... I suppose part of my question is why I would want to use a regulator over a buck or vice versa. Hence although it might not make a difference in practical terms, having something that's as efficient as can be would make me feel warm and tingly inside.
I said "SoC module" because I'm still not sure what I'll be using - I'll probably settle on a Wemos D32, but it might be a D1 Mini Pro instead.
I actually had a look at the schematics and I think they all use a ME6211 which operates on a voltage range of 2-6v which sounds too narrow for a rectified 8vac?
The resistance across the AC chime terminals (I tested both also while button was pressed which I assumed shouldn't matter but did it anyway) is around 4 ohm
The voltage at across one of the chimes when the button is pressed is around 6.4V
...but according to the above it draws around 1.6A (6.4v/4ohm), which sounds pretty high.
What you tested is the DC resistance. AC resistance, or reactance is the quantity in play. That 100Ω on the label is, likely, the AC resistance at 50 or 60 Hz [depending on your locale].
Not at all. 8VAC will easily accommodate that voltage range, as long as the 8VAC source can supply the required current. But, of course, a regulator will be required.
Thank you both for the responses. Interestingly I can connect a 9V battery to it but I suppose something else is going on there.
so I have no explanation for the 200mA disparity between the 1A rating and the 800mA math result.
Probably wise if you just want to get something going. But better to choose a higher voltage wallwart ( 8-15v)and feed it into the Vin of the arduino - it's internal high quality linear regulator will take care of the rest....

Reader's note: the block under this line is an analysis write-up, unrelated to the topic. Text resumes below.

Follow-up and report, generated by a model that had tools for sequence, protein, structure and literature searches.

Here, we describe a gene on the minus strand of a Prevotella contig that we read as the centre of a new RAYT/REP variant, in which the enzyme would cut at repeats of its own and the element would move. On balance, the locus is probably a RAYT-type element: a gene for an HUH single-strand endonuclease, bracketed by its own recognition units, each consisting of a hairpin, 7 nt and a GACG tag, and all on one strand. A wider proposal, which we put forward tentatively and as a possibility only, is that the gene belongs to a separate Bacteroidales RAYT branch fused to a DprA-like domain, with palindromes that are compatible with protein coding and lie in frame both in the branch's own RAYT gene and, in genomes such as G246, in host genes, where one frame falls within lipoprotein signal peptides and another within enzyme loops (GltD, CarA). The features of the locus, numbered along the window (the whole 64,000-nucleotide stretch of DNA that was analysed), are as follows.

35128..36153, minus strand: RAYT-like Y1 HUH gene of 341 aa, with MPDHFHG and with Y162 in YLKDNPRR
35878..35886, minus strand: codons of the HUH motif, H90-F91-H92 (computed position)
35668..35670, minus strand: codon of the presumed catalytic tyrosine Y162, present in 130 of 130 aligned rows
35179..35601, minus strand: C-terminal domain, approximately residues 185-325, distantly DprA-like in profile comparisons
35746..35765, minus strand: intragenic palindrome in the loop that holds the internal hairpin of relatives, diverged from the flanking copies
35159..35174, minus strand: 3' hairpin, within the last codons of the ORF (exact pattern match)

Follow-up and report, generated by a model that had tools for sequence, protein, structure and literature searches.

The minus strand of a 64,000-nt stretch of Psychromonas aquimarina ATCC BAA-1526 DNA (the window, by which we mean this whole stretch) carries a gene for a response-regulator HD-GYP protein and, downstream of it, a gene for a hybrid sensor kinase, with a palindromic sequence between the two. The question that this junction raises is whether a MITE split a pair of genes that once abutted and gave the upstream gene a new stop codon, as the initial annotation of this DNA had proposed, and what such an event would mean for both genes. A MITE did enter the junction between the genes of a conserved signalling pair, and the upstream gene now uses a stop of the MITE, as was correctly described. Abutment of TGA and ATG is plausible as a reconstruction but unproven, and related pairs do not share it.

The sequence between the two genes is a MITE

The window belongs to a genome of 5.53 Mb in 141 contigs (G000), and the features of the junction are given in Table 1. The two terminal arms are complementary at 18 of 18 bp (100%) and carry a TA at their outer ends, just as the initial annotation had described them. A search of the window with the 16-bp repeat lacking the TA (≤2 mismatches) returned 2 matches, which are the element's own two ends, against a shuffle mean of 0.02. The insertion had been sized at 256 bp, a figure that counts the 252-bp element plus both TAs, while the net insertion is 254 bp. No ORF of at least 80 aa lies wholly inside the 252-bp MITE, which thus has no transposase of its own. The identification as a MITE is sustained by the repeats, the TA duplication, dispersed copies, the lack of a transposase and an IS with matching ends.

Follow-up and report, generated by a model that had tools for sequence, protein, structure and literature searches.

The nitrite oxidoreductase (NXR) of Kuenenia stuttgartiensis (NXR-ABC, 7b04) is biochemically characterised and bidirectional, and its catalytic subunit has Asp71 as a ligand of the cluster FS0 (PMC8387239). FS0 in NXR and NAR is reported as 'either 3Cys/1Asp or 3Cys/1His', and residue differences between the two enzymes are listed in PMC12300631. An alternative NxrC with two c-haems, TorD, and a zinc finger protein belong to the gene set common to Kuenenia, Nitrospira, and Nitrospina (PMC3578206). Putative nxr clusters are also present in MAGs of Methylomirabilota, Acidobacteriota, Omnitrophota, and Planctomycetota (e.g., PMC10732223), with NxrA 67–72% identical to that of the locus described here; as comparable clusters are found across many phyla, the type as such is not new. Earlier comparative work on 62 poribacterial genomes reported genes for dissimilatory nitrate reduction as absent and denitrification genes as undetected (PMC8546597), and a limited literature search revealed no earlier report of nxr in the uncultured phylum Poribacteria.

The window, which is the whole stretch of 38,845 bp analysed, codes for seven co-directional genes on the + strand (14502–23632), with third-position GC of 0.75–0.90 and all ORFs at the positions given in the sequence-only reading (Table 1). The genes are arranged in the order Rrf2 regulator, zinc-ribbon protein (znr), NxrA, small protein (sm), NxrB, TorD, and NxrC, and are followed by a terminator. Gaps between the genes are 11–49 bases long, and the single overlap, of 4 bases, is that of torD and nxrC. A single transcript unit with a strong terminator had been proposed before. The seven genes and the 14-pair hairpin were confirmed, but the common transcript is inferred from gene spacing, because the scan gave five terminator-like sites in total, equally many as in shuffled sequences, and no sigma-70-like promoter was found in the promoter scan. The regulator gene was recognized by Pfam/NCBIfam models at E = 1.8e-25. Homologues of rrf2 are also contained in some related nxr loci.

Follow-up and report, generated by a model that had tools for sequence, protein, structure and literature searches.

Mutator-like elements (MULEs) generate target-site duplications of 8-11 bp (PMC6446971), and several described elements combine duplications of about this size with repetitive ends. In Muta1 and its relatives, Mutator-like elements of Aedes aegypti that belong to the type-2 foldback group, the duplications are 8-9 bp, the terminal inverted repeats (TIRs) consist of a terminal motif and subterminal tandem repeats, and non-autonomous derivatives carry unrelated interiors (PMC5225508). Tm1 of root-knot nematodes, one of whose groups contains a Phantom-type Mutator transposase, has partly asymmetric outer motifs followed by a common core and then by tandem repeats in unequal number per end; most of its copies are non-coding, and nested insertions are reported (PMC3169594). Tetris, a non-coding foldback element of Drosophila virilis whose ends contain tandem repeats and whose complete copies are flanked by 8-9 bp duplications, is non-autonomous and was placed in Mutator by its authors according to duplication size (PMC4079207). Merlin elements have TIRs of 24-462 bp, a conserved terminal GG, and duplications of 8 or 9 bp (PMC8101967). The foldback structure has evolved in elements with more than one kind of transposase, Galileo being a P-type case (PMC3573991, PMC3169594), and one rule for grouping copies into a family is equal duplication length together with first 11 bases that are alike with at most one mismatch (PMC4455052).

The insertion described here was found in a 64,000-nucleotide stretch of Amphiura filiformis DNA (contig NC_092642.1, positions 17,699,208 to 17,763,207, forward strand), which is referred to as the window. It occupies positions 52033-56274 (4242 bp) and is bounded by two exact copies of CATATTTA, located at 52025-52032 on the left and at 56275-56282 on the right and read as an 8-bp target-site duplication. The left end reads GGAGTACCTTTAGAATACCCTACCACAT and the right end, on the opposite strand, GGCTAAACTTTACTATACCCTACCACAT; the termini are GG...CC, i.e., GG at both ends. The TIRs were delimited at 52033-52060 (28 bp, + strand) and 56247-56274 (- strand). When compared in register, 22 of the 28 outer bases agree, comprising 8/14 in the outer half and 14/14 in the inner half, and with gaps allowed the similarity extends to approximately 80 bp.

For a smart doorbell project, I'm considering using a uninterrupted 8VAC supply to provide power to a SoC module and some relays.
A quick google came up with this:Which seems to do the trick, but uses an L7805. Is this the best way to achieve what I need? I ask because I read that it's pretty inefficient.
As an alternative I also spotted this:
But partly as a learning exercise, I'm wondering if I can do better by building my own, based on this:https://electronics.stackexchange.com/questions/97571/how-to-convert-6v-ac-to-5v-dc
At 8VAC, the resulting DC will be 8 x 1.414 ~ 11.31 - 1.4 ~10v. I was hoping to just use a buck after this point like this:
But do I still need the various capacitors? If so, how can I work out which ones?
Also can I use 1N4148 for the rectifier bridge?
I said "SoC module" because I'm still not sure what I'll be using - I'll probably settle on a Wemos D32, but it might be a D1 Mini Pro instead. I actually had a look at the schematics and I think they all use a ME6211 which operates on a voltage range of 2-6v which sounds too narrow for a rectified 8vac
Also looking around I can expect these to draw around 800mA peak since they'll be using the WiFi a bit.
The transformer idles at 9VIt's a DAT03A which is rated at 2AWhen the button is pressed the voltage drops to 8.7V.
And for the chimes:The label of the chime says AC 8V ~ 1A
The voltage at across one of the chimes when the button is pressed is around 6.4V[/li][/list]
I can't seem to measure the current with my multimeter (I later realised it only works with DC), but according to the above it draws around 1.6A (6.4v/4ohm), which sounds pretty high.
So unless my schoolboy testing is in error, it sounds like the transformer shouldn't be able to provide enough current for the two chimes let alone the WeMOS/ relays. Am I missing anything?
Interestingly I can connect a 9V battery to it but I suppose something else is going on there.
I'm still a little confused about this.
The Ardiuno Uno seems to use this lp2985-33dbvr which takes in 16V which sounds quite handy.
However the ESP32 board I'm looking at has a ME6211 (https://wiki.wemos.cc/_media/products:d32:sch_d32_v1.0.0.pdf) which seems to take in 6v max, which I presume means the 8-15v is out?
Why would I go for a higher voltage anyway? For more options later? If it is handy to have then I can externally step down the input to 3.3v for the ESP32 (using what? A lp2985-33dbvr?).
I also need 5v to feed the relays, though, so if I stuck to the 5v looking at the schematic or board photo (https://wiki.wemos.cc/products:d32:d32) I can't tell how I would provide that 5v to the board itself - there doesn't seem to be a 5v in pin?